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Calley Trial, Foreign Affairs

Published: 1971
Play UPI Radio 1971
Announcer: The publication of the Pentagon Papers stirred again the controversy of how the Vietnam War began and why it continued. Even while the war itself, in 1971, appeared to be winding down day by day, by the end of the year, fewer than 200,000 US troops were in Vietnam.

One week, the weekly combat death rate was lower than any week since 1965. Vietnamization was proceeding and was climaxed by a 44 day drive into Laos to destroy the Ho Chi Minh trail. American participation was diminishing but true pease still seemed far away.

In Paris, peace talks continued to get nowhere, and there were still prisoners of war on both sides.

Elections were held in South Vietnam. The winner was incumbent President, Nguyen Van Thieu. It was an easy race, he was the only candidate.

In the United States, memories of grimmer days in Vietnam were recalled during the trial of Lieutenant William Calley, Jr. The longest court-martial in history ended when the Lieutenant was found guilty of premeditated murder of 22 South Vietnamese men, women and children, in My Lai in 1968. He was sentenced to life imprisonment. Chamberlain reports.

Chamberlain: “Lieutenant Calley walks out. Calley salutes the crowd, about 100 people. Two MPs escort him. He gets in the car. Door slams, second door slams. People waving a peace sign at Calley. He is driven away. He has just been sentenced to spend the rest of his natural life in prison. It's a beautiful bright spring day. Calley has shown no more emotion this time than he did at the verdict phase, when he was convicted of premeditated murder. In the court, Calley's face was bright red and last he saluted after the punishment was announced and said, I will do my best sir.”

Announcer: A wave of protest spread throughout the country. The Governor of Indiana ordered all state flags flown at half-mast. A four man Draft Board in Virginia resigned. Automobile stickers and billboards demanded free Calley. In a sense, the plea was heard at the White House. The President ordered Calley released from the stockade to his own quarters under house arrest. The President promised to review the sentencing.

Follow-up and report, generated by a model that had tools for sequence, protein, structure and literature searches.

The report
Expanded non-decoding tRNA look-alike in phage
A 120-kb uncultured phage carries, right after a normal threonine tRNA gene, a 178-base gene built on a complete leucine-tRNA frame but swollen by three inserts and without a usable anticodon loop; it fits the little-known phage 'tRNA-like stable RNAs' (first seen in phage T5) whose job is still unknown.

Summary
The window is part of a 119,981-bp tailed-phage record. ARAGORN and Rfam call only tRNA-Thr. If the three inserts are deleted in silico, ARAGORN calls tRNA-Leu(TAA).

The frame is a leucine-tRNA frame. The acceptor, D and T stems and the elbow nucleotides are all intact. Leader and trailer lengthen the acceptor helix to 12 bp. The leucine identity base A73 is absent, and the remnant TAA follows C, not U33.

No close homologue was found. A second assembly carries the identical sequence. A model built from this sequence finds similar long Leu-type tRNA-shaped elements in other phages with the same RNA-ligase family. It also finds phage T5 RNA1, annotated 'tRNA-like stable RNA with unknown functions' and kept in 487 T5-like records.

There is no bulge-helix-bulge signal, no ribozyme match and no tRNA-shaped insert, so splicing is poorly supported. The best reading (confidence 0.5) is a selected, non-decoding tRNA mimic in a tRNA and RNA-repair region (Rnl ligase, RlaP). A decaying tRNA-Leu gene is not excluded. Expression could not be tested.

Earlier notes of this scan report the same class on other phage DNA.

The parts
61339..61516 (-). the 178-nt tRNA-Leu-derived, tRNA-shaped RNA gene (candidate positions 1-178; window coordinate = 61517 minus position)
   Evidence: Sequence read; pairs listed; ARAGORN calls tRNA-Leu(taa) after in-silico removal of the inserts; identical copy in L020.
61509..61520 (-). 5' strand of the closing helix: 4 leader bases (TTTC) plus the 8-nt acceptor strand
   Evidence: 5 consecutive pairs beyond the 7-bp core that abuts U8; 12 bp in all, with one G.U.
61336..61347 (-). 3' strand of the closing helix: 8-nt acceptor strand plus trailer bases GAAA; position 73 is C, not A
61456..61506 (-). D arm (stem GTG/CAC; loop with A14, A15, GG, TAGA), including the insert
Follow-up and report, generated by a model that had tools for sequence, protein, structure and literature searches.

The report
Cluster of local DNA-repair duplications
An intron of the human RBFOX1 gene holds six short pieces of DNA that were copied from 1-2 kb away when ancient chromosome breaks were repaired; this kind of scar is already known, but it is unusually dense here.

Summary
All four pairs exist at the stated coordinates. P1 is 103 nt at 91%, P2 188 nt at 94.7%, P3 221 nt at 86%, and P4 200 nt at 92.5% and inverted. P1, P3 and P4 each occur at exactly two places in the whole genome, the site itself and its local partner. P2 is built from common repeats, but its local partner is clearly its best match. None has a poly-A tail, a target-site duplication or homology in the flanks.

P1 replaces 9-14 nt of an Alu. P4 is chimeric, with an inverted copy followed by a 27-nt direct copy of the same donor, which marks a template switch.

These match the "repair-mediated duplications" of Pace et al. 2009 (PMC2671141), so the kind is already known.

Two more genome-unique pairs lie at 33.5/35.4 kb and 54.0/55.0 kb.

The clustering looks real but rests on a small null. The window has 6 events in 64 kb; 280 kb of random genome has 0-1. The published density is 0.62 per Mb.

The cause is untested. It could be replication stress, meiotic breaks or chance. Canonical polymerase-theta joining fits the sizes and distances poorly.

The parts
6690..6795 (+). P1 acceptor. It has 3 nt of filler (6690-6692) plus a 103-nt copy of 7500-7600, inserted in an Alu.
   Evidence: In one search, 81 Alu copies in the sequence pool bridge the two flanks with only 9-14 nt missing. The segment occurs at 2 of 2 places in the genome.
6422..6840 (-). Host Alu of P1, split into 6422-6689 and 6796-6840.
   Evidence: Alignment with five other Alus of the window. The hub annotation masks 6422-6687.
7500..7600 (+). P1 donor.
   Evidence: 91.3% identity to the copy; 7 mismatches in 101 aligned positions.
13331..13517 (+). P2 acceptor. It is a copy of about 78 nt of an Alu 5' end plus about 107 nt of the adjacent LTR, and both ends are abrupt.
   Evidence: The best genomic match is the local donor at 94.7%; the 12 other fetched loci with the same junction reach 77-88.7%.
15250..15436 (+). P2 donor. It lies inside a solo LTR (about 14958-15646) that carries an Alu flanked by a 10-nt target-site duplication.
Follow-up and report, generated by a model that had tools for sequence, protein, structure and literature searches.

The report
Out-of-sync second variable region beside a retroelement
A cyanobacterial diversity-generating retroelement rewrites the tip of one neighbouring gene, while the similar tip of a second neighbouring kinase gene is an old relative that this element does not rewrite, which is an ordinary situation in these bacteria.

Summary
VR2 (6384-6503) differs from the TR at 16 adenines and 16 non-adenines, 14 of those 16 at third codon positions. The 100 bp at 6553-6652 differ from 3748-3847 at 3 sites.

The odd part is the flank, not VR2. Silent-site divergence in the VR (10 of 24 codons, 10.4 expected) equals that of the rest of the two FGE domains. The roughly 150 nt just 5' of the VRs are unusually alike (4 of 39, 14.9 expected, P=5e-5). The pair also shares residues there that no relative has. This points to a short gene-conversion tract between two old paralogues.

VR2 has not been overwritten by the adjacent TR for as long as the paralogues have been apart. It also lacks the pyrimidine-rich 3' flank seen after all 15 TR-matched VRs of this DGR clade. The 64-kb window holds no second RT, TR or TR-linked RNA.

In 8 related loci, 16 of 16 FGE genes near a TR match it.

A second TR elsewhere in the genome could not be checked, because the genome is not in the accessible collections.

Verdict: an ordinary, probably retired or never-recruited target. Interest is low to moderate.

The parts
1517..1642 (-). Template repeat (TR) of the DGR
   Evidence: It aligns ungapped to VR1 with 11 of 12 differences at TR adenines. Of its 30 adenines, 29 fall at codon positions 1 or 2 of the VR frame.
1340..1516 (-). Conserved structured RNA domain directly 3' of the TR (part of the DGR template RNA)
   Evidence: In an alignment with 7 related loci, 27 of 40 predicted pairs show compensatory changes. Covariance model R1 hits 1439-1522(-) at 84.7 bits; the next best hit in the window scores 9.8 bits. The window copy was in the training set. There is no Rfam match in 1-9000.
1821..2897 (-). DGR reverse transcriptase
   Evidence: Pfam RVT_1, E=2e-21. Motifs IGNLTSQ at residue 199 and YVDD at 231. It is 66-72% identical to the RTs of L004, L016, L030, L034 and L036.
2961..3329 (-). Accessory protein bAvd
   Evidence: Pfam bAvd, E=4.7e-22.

The 29-year-old prosecutor of the trial, Aubrey Daniels, accused the President of damaging the military judicial system and called his move improper.

President Richard Nixon: “My intervention in the Calley case was proper for two reasons. One, because I felt that Captain Calley should not be sent to Leavenworth prison while waiting for the months and maybe a year or so that appeal would take. I thought that he should be confined to quarters. I think that was proper to do.

“Second, I felt that it was proper for me to indicate that I would review the case, because there was great concern expressed throughout the country as to whether or not this was the case, involving as it did so many complex factors in which Capitan Calley was going to get a fair trial.”

Announcer: Finally in August the life sentence of Lieutenant Calley was changed.

Speaker: “The Commanding General of the Third US Army, Lieutenant General Albert O. Connor, has approved the findings as guilty, and only so much of the senate that provides for dismissal, forfeits you of all paying allowances, and confinement for 20 years.“

Announcer: In a related trial, Captain Ernest Medina, Lieutenant Calley's immediate superior officer, was acquitted of all charges in the deaths of more than 100 South Vietnamese civilians. The military jury deliberated and made their decision in about 60 minutes.

Vietnam veterans speak of the fear of walking the jungle, of encountering the unseen enemy; the gorilla, the sniper.

In Northern Ireland, where the cancer of civil strife between Catholics and Protestants has grown year after year, 1971 was a year filled with that kind of fear.

In Belfast, you could answer a knock on your door and be shot dead. Your Christmas shopping could be cut shot when a bomb explodes in the aisle of the store, or you could walk the streets and have a sniper lining you up in his rifle sights.

These men were only a small part of the 12,000 British troops who were sent to Northern Ireland in 1971. They moved quickly, carefully, as they hunted down a sniper on the streets of Belfast.

Unknown Speaker: “Where is he coming from?”

Announcer: If there was a change in Northern Ireland in 1971, it was from bad to worst.

© 1971 United Press International, Inc. All Rights Reserved.


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